By: Iman Palm, Lauren Berny, Celeste Huecias, Andrea Ramos, Spencer Frank, Ashley Lozano, Julian Tack, Roger Flanders
With its close proximity to the beach and year-round summer weather, Long Beach is an ideal place to live for many people. However, finding housing within the city may be easier said than done, especially for college students.
Finding affordable housing off campus can be a challenge due to increasing rental prices in the city. According to RentCafe.com, an 800-square-foot studio apartment in Long Beach costs about $2,135 per month, and property management company RTI Properties Inc. estimates that rent in Long Beach has risen by 3.7% over the last year.
Although Long Beach State students can apply for on-campus housing, capacity limitations imposed by the COVID-19 pandemic have only decreased students’ chances of landing a guaranteed spot.
President Jane Close Conoley said the plan is to reopen the dorms to 80% capacity for the fall 2021 semester and leave the remaining rooms available for those who may test positive for COVID-19.
“We expect about 2,400 students to be living in the residence halls,” Conoley said. “The good news is that all the rooms, not just the newly built ones, will all have been refurbished. There is going to be a slight increase, but that’s just the regular cost of living that’s built into the fee structure.”
As of spring 2021, a standard single-occupancy room with full meal privileges comes out to $13,574 for one year. This excludes tuition and essentials such as books and supplies for classes.
Aside from a few student-friendly apartment buildings, the city of Long Beach doesn’t offer many affordable housing options for those in college, creating a struggle for young adults.
Kyle Lamento, a fourth-year electrical engineering major, used to live at Vibe @ Temple, an off-campus apartment complex fit for students.
“I was living with a roommate in a two-bedroom apartment in a fully refurbished unit. I was really lucky… you pay for your spot, not for the place itself,” Lamento said. “Each unit has four spots and it’s a fixed price, so no matter how many people are living there, you pay the same price. No matter what.”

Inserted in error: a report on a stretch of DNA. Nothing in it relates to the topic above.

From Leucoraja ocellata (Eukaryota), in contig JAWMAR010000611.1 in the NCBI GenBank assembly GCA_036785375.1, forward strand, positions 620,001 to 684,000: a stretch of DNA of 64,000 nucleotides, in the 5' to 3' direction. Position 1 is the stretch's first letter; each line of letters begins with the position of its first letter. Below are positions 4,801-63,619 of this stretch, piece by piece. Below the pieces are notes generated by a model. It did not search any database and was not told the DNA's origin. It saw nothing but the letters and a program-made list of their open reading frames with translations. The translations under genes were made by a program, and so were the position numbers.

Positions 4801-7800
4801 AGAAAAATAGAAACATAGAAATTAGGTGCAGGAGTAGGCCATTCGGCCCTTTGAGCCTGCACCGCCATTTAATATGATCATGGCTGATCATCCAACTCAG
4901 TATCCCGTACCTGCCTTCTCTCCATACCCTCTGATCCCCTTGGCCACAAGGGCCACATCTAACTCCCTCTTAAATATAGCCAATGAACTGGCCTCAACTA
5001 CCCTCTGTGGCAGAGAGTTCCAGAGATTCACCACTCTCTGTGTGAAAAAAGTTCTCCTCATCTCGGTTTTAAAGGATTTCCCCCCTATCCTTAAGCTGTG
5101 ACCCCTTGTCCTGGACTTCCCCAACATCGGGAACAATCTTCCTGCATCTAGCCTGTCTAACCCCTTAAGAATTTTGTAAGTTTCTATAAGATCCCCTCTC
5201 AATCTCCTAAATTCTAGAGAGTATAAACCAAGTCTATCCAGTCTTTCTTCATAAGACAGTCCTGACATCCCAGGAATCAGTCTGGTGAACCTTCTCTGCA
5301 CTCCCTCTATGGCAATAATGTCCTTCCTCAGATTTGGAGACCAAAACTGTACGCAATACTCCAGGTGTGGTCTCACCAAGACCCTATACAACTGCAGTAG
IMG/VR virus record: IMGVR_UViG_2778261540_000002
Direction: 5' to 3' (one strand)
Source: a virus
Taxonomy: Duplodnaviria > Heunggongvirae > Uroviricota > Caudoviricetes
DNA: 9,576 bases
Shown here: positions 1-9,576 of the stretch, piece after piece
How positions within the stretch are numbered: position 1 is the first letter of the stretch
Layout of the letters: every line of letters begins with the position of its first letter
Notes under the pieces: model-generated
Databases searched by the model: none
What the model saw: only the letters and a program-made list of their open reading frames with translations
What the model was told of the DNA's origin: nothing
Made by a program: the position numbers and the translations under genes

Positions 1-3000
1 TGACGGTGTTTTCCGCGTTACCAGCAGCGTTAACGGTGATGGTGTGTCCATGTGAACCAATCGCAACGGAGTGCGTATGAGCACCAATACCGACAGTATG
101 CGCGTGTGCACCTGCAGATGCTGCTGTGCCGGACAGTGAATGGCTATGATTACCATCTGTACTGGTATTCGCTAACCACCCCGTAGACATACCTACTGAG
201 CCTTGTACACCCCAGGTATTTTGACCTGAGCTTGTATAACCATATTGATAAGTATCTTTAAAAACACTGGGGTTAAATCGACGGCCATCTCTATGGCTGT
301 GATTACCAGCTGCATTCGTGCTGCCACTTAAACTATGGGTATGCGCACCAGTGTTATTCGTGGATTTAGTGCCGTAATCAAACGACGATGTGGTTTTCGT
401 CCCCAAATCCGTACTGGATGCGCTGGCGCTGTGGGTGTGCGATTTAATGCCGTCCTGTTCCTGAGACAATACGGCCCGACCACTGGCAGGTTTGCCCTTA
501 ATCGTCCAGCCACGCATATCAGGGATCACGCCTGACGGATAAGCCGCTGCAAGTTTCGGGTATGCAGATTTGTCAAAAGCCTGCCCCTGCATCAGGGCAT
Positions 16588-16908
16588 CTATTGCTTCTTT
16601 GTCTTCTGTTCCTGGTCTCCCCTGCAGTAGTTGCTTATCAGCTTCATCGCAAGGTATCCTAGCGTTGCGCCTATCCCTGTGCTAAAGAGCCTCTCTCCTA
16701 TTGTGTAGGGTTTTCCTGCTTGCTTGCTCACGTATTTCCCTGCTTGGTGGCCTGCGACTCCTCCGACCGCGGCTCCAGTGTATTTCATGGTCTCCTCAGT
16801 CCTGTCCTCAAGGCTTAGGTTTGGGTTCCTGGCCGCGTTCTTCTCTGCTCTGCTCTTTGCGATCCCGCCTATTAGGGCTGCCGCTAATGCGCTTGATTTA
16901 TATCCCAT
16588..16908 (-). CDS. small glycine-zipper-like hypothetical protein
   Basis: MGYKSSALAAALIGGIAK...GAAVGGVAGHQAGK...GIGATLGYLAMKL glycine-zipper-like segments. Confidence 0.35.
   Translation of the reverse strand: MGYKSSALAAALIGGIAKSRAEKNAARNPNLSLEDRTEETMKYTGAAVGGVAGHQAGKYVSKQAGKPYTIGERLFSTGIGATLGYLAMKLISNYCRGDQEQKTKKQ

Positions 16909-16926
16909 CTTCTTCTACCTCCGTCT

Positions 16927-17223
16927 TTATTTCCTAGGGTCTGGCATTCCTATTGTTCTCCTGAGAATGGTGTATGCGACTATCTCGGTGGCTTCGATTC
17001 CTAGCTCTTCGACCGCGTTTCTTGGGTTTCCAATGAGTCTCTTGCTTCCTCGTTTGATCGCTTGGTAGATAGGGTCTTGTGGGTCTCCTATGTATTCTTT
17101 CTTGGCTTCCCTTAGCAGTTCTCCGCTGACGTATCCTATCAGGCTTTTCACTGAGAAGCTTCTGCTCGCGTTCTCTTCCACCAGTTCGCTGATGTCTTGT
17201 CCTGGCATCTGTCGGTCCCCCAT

His spot cost $750 a month, and parking was an extra $75. The apartment also came furnished with a table, beds, TV and more.
“All we needed to bring was basically bed sheets, clothes and kitchen supplies. The electric and water bill was also insanely low. It was no more than $8 a month,” Lamento said.
To combat the housing crisis, Councilmember Suzie Price offered possible alternatives for students who are having trouble finding a place to live. Price oversees Long Beach’s third district, where CSULB is located.
According to Price, the city is looking at several proposed accessory dwelling unit projects, which can be “utilized for student housing.”
These proposed accessory dwelling units, also known as ADUs or granny flats, would be built in residential neighborhoods around the university, something not many residents are excited about. Some have shared concerns regarding noise, parking, trash and overall quality of life being impacted if students were to live in these ADUs.
While there are limited affordable housing options for students near the university, there is plenty of market-rate housing throughout the city of Long Beach. The owners of these multi-room properties still need to make a return on their investment and, to do so, will most likely price them at market value.